White Deer: Wildfires in Canada have burned more than 10 million hectares this year

MONTREAL: Canadian wildfires have burned more than 10 million hectares (24.7 million acres) this year, and will continue to rise in the coming weeks, the government showed on Saturday.
The all-time high occurred in 1989, when 7.3 million hectares burned in a full year, according to international statistics from the Canadian Interagency Forest Fire Center (CIFFC).
In all, 4,088 fires have occurred since January, including many that have burned thousands of hectares. Along the way, more than 150,000 people have been displaced.
Considering the number of fires and the number of fires, the authorities have left most of them to burn.
Most of the fires have occurred in forests, far from human settlements — but they still have a negative impact on the environment.
“We find ourselves this year with worse numbers than we expected,” Yan Boulanger, a researcher at Canada’s environment ministry, told AFP.
“What has been crazy is that there has been no rest since the beginning of May,” he said.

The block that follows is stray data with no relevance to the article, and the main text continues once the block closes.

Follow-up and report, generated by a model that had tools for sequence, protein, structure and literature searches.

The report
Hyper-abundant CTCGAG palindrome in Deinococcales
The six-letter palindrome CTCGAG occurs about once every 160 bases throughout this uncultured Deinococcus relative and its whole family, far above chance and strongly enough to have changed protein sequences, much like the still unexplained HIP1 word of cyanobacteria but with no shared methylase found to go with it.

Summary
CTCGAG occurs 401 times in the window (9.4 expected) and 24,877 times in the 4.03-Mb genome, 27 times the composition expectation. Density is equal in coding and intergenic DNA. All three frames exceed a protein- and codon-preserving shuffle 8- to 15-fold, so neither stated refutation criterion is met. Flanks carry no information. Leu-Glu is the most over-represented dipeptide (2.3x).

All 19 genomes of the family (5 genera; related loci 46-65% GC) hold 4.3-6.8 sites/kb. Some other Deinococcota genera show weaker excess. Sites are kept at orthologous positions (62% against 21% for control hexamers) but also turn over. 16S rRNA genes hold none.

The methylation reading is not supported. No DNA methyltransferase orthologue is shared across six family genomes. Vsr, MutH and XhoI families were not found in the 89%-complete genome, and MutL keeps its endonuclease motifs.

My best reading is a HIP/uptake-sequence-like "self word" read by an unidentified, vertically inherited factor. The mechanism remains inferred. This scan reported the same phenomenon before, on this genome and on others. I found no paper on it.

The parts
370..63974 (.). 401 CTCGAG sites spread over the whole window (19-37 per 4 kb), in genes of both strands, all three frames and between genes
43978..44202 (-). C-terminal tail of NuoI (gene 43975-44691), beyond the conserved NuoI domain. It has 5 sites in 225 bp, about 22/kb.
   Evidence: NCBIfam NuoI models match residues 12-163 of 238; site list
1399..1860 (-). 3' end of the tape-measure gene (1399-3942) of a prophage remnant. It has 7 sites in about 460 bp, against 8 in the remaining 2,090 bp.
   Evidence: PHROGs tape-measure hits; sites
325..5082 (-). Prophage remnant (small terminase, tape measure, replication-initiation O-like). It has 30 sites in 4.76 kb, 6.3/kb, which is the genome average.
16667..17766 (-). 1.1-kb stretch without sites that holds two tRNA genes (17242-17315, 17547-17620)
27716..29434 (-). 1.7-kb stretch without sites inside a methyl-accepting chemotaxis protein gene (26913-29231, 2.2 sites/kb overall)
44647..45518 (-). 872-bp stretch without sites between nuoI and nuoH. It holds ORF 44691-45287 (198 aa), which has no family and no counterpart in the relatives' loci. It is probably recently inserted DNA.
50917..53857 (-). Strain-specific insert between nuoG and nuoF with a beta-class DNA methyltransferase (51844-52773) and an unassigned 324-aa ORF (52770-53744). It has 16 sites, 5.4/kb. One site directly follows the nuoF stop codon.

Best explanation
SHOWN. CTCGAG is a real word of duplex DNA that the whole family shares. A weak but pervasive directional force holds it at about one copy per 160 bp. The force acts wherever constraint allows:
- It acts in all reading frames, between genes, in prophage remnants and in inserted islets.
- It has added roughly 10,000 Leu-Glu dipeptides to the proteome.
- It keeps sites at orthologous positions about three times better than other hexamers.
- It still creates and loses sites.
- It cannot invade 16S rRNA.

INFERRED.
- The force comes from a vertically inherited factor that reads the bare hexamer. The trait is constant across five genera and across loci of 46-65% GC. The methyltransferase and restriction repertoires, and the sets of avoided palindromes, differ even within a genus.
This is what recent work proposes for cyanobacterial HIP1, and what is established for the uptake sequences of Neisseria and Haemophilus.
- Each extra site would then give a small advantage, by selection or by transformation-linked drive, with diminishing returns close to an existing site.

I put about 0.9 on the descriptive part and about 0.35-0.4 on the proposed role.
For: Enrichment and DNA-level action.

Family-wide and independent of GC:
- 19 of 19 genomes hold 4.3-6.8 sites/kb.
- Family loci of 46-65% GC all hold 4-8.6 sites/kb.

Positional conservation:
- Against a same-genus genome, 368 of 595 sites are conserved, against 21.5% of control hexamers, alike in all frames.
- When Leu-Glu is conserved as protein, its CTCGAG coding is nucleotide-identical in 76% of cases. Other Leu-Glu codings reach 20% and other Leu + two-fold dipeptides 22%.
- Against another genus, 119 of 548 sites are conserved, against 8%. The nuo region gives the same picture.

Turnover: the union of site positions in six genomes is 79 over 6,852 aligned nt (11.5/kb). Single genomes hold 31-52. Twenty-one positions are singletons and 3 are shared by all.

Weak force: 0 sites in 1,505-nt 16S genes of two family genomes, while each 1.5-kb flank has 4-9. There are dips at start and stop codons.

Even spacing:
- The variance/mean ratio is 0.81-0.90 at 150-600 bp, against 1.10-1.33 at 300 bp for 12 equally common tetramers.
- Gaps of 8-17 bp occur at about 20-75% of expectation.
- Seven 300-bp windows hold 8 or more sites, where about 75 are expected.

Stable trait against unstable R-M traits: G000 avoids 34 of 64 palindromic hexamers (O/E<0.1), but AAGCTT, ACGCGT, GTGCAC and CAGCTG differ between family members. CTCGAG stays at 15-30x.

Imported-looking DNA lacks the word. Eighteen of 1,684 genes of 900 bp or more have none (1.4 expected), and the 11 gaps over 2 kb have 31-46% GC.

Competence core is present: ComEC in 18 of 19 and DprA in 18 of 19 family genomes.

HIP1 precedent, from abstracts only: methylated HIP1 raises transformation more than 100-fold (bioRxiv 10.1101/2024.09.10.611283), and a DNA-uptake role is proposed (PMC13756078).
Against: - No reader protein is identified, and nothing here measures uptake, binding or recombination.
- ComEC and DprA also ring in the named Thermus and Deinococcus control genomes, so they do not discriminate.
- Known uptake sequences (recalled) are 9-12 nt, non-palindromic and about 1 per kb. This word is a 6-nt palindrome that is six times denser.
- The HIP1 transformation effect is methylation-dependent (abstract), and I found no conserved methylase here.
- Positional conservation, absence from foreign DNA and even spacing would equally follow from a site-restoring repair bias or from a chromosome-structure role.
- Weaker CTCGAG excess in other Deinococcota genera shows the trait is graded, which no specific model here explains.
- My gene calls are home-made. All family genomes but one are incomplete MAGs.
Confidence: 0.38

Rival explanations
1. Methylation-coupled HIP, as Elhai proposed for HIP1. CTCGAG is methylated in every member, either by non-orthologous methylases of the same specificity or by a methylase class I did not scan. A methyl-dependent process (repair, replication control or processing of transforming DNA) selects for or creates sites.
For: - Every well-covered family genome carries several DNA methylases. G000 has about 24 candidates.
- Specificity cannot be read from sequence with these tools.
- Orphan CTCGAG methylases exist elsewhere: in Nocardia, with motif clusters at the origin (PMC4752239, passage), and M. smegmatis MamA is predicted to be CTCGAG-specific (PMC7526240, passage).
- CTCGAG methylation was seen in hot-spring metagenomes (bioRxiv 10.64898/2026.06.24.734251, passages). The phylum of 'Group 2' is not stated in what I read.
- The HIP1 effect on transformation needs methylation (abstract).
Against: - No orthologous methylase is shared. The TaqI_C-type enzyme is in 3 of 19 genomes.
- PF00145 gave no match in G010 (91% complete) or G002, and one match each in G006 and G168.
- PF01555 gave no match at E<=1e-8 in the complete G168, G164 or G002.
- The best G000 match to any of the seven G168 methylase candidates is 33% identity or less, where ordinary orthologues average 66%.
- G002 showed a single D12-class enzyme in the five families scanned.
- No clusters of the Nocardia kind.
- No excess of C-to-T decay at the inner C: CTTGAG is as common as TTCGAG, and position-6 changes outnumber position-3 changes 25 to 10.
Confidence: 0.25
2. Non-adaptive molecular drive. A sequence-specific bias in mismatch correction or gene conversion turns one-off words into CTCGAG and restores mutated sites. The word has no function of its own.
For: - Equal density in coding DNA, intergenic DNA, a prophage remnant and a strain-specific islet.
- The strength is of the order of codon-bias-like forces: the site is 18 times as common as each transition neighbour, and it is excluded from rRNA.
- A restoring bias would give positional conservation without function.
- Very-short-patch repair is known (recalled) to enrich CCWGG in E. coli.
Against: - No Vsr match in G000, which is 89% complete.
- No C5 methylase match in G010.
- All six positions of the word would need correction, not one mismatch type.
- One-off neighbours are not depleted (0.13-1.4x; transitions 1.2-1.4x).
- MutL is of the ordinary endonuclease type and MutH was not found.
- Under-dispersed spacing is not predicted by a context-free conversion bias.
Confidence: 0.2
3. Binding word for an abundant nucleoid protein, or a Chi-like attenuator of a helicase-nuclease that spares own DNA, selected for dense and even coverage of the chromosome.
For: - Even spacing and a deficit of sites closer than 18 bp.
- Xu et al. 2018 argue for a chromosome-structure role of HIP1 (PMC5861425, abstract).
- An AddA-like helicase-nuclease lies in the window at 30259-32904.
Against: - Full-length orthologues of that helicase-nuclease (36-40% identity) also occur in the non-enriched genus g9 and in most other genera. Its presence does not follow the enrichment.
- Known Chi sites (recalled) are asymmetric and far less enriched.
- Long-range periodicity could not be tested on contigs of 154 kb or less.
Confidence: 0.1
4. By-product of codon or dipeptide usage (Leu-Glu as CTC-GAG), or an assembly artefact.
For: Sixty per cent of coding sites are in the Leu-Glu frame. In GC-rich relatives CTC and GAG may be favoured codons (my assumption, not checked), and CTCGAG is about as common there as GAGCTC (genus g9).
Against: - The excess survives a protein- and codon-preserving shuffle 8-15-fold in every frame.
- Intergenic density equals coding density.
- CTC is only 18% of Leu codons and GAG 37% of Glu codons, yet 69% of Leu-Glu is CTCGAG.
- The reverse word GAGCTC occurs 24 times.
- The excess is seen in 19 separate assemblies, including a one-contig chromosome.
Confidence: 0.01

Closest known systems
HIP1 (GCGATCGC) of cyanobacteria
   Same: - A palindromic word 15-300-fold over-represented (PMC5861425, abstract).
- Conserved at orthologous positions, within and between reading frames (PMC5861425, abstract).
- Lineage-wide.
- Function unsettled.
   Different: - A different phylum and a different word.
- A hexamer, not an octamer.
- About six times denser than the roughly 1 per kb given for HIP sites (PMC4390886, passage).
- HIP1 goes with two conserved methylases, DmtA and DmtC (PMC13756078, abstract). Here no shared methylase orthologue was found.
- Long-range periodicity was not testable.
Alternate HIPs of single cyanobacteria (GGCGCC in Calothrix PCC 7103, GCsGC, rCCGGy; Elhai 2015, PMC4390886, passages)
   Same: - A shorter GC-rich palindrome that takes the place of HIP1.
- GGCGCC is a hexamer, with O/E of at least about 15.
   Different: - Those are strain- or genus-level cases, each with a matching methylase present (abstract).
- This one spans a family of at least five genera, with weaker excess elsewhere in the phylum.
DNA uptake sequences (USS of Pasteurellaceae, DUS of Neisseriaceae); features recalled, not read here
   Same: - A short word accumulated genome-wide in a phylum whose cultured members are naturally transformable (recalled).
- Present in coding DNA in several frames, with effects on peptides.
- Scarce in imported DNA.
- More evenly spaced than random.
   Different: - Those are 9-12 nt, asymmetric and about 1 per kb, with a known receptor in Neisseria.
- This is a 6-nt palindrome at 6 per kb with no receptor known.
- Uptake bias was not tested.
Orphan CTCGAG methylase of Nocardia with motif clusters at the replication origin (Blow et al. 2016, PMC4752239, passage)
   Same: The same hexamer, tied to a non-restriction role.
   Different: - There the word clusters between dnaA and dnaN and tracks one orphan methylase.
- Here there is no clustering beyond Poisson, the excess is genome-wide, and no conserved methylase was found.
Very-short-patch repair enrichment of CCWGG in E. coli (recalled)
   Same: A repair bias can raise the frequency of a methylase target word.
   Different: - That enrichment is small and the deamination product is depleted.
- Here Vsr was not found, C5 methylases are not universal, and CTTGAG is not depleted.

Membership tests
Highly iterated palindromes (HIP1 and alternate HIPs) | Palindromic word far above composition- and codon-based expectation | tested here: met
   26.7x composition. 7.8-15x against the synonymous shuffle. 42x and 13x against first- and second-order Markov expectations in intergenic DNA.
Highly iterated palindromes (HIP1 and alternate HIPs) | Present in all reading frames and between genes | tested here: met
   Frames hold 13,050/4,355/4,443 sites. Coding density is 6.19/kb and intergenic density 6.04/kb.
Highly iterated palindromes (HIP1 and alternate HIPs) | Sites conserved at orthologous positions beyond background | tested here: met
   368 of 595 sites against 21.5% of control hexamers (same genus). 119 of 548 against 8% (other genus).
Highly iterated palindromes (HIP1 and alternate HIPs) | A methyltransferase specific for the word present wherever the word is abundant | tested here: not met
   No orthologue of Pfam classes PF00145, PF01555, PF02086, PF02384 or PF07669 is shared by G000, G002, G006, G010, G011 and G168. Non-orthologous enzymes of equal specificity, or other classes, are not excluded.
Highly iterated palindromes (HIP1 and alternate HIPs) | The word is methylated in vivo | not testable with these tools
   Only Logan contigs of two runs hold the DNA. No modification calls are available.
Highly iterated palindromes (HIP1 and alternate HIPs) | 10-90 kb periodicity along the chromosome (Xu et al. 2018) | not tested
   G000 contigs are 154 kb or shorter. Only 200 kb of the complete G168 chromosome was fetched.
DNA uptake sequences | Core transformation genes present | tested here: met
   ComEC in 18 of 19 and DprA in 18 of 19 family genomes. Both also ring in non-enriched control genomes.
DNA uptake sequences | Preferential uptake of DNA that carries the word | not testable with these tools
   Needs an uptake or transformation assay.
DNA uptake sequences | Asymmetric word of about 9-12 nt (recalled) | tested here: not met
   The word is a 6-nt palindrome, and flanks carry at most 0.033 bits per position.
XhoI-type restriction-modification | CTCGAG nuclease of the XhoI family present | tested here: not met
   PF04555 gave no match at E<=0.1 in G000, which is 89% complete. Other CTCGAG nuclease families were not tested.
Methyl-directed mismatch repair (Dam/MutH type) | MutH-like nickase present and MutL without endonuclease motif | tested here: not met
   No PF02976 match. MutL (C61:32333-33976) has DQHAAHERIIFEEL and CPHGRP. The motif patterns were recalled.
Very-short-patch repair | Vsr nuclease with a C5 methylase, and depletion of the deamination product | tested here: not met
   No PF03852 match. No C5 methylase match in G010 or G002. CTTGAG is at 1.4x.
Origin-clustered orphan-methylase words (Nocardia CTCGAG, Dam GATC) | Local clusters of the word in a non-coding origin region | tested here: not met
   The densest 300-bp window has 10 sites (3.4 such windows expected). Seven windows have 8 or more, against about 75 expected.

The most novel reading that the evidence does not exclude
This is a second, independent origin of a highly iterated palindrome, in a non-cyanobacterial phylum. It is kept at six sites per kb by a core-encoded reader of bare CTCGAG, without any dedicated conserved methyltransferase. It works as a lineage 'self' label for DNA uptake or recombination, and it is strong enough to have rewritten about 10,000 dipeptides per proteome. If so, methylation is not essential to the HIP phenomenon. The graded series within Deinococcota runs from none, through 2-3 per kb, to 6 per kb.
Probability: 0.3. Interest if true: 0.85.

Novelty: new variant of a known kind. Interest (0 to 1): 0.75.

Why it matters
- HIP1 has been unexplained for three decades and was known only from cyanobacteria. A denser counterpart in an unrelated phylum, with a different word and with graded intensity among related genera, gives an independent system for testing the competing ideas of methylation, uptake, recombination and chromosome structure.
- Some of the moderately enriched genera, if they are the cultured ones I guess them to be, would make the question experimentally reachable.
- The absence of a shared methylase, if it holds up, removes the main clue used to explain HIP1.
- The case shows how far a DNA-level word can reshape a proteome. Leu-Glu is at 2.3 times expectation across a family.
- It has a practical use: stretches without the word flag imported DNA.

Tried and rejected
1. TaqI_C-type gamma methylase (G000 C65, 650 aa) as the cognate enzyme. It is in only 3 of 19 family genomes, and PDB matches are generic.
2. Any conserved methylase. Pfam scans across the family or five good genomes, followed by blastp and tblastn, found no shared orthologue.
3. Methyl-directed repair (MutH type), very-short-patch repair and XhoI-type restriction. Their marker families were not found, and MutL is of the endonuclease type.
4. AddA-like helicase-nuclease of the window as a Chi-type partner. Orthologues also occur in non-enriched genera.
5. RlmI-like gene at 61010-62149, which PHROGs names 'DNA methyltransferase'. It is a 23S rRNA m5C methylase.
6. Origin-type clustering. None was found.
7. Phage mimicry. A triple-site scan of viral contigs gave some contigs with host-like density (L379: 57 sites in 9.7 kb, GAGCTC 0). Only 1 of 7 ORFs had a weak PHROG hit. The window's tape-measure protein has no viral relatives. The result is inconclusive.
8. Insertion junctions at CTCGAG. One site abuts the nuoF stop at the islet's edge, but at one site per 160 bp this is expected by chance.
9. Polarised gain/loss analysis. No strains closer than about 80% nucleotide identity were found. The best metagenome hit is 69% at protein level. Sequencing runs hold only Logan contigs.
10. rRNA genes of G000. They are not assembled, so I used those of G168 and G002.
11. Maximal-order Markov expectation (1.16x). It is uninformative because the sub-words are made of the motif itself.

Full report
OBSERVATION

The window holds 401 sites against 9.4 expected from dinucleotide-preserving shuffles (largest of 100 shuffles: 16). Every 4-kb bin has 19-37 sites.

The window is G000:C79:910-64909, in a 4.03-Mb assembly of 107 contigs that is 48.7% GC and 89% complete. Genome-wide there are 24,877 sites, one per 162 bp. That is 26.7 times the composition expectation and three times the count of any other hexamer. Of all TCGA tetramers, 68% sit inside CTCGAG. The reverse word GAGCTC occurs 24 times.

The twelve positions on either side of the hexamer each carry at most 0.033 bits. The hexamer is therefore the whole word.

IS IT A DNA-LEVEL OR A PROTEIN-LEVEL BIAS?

As of Saturday, there were 906 fires burning in the country, including 570 that appear to be out of control – without any province.
Critical conditions have changed throughout the country in recent months: In May, at the beginning of the fire season, Alberta’s west was the center of attention, with unprecedented fires.
A few weeks later, Nova Scotia, an Atlantic province with a mild climate, took the baton, followed by Quebec, where a huge fire caused a lot of smoke that covered even parts of the United States.
Since the beginning of July, conditions have changed dramatically in British Columbia, with more than 250 fires started in just three days last week, mostly due to lightning.
Many places in Canada are suffering from severe drought, which is characterized by low rainfall and heat for several months.
The country is hotter than the rest of the world because of its location, and has been experiencing extreme weather events that have increased in intensity and frequency as a result of climate change, scientists say.

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